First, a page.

Sunday, 15 September 2013

Uses of Compound Benzoin Tincture or Friar's Balsam


I've always loved the name "Friar's Balsam". Balsams are plant resins secreted by wounds in tree bark. The resin is a thick liquid that oozes out of the plant and covers an injury. It slowly hardens, blocking the entry to the plant and preventing infection and water loss.

Gum Benzoin: photo by Wibowo Djatmiko,
via Wikimedia Commons, CC BY-SA 3.0 License
Perhaps because they are associated with covering plant wounds. resins have been investigated for their ability to help human ailments, too. Some resins are said to have many medicinal benefits. Most of these claims haven't been tested scientifically, but there is preliminary evidence that certain resins may be beneficial.
Friar's Balsam is actually a mixture of several substances. One is tincture of benzoin, which can also be bought on its own. A "tincture" is an alcohol extract of a substance. In this case the substance is gum benzoin.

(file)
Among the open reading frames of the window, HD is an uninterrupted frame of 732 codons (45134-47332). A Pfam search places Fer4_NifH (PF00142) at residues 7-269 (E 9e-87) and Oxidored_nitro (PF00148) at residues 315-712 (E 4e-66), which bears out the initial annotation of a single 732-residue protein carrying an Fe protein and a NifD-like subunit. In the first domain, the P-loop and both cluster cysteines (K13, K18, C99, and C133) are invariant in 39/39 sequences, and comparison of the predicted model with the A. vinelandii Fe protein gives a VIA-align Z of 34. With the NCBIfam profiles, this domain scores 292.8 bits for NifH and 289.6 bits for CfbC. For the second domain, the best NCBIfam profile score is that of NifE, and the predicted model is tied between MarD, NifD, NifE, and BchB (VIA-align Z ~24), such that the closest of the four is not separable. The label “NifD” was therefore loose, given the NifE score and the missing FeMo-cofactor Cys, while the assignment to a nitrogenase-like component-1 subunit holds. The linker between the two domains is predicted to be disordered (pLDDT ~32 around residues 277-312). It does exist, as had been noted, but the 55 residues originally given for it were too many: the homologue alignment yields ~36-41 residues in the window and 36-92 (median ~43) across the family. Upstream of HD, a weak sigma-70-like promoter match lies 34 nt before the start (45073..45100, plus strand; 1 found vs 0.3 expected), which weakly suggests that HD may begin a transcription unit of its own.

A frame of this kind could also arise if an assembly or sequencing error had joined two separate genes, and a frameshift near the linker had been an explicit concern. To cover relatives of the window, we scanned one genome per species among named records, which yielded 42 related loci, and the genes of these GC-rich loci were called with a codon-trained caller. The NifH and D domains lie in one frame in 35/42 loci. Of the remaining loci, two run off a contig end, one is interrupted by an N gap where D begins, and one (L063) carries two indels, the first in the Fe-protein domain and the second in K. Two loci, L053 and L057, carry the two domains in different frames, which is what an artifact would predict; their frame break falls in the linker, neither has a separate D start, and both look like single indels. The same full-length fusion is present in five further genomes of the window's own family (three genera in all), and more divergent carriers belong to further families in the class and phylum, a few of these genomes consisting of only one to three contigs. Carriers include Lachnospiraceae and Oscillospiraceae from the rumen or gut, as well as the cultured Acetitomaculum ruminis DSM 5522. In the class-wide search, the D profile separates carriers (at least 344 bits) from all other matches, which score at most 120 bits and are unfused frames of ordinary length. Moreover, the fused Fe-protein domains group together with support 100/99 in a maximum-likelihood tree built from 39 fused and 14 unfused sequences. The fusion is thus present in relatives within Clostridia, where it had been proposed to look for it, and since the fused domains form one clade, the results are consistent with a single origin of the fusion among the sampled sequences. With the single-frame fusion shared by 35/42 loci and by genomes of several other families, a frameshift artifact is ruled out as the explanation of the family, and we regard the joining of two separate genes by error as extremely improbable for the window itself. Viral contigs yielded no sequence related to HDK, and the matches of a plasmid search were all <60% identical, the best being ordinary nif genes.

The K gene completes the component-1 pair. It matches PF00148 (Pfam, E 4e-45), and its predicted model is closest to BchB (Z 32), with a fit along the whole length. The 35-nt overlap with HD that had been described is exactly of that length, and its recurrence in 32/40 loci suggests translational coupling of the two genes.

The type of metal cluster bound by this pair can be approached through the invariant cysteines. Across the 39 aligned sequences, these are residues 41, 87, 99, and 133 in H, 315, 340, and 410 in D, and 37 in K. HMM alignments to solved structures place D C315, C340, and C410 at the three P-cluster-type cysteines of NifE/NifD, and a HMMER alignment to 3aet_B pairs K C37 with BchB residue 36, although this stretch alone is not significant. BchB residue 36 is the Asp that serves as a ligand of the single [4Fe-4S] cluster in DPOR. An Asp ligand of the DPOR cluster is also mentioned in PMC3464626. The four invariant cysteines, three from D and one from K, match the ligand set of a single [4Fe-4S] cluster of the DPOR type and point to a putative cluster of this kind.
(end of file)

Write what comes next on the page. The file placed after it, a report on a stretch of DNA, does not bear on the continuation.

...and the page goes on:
Gum benzoin is a vanilla-scented resin of a tropical tree. It ranges from light yellow to red-brown in color. Gum benzoin is also known as gum benjamin and styrax gum. The gum contains oil and is sometimes used as incense. 

Compound Benzoin Tincture is another name for Friar's Balsam. This mixture contains other substances besides gum benzoin and alcohol. The recipe varies slightly depending on the manufacturer, but aloe and tolu balsam, another plant resin, are generally present.

Compound Benzoin Tincture is used as a skin protectant under bandages or tape. It reportedly reduces itching and allergy to the tape or dressing and helps the tape adhere better. It's also used as a treatment for skin problems, such as sores, cracked skin, minor cuts and blisters. It seems to act as a styptic (a substance that stops bleeding).

Compound Benzoin Tincture is also said to act as an expectorant. It's sometimes used in inhalants or humidifiers for a cold or chest congestion. It has also been dabbed on swollen gums to reduce the swelling and discomfort. Personally, I would never take it internally without consulting a doctor or a dentist who was familiar with my health background. Just because a product is natural doesn't mean that it's safe. It may interact with other medications, for example. 

The use of Compound Benzoin Tincture for health problems seems to fall into the "I've tried it, and it works" category rather than the scientifically proven category. Some of its benefits may be due to its alcohol content. It's a very interesting substance, however.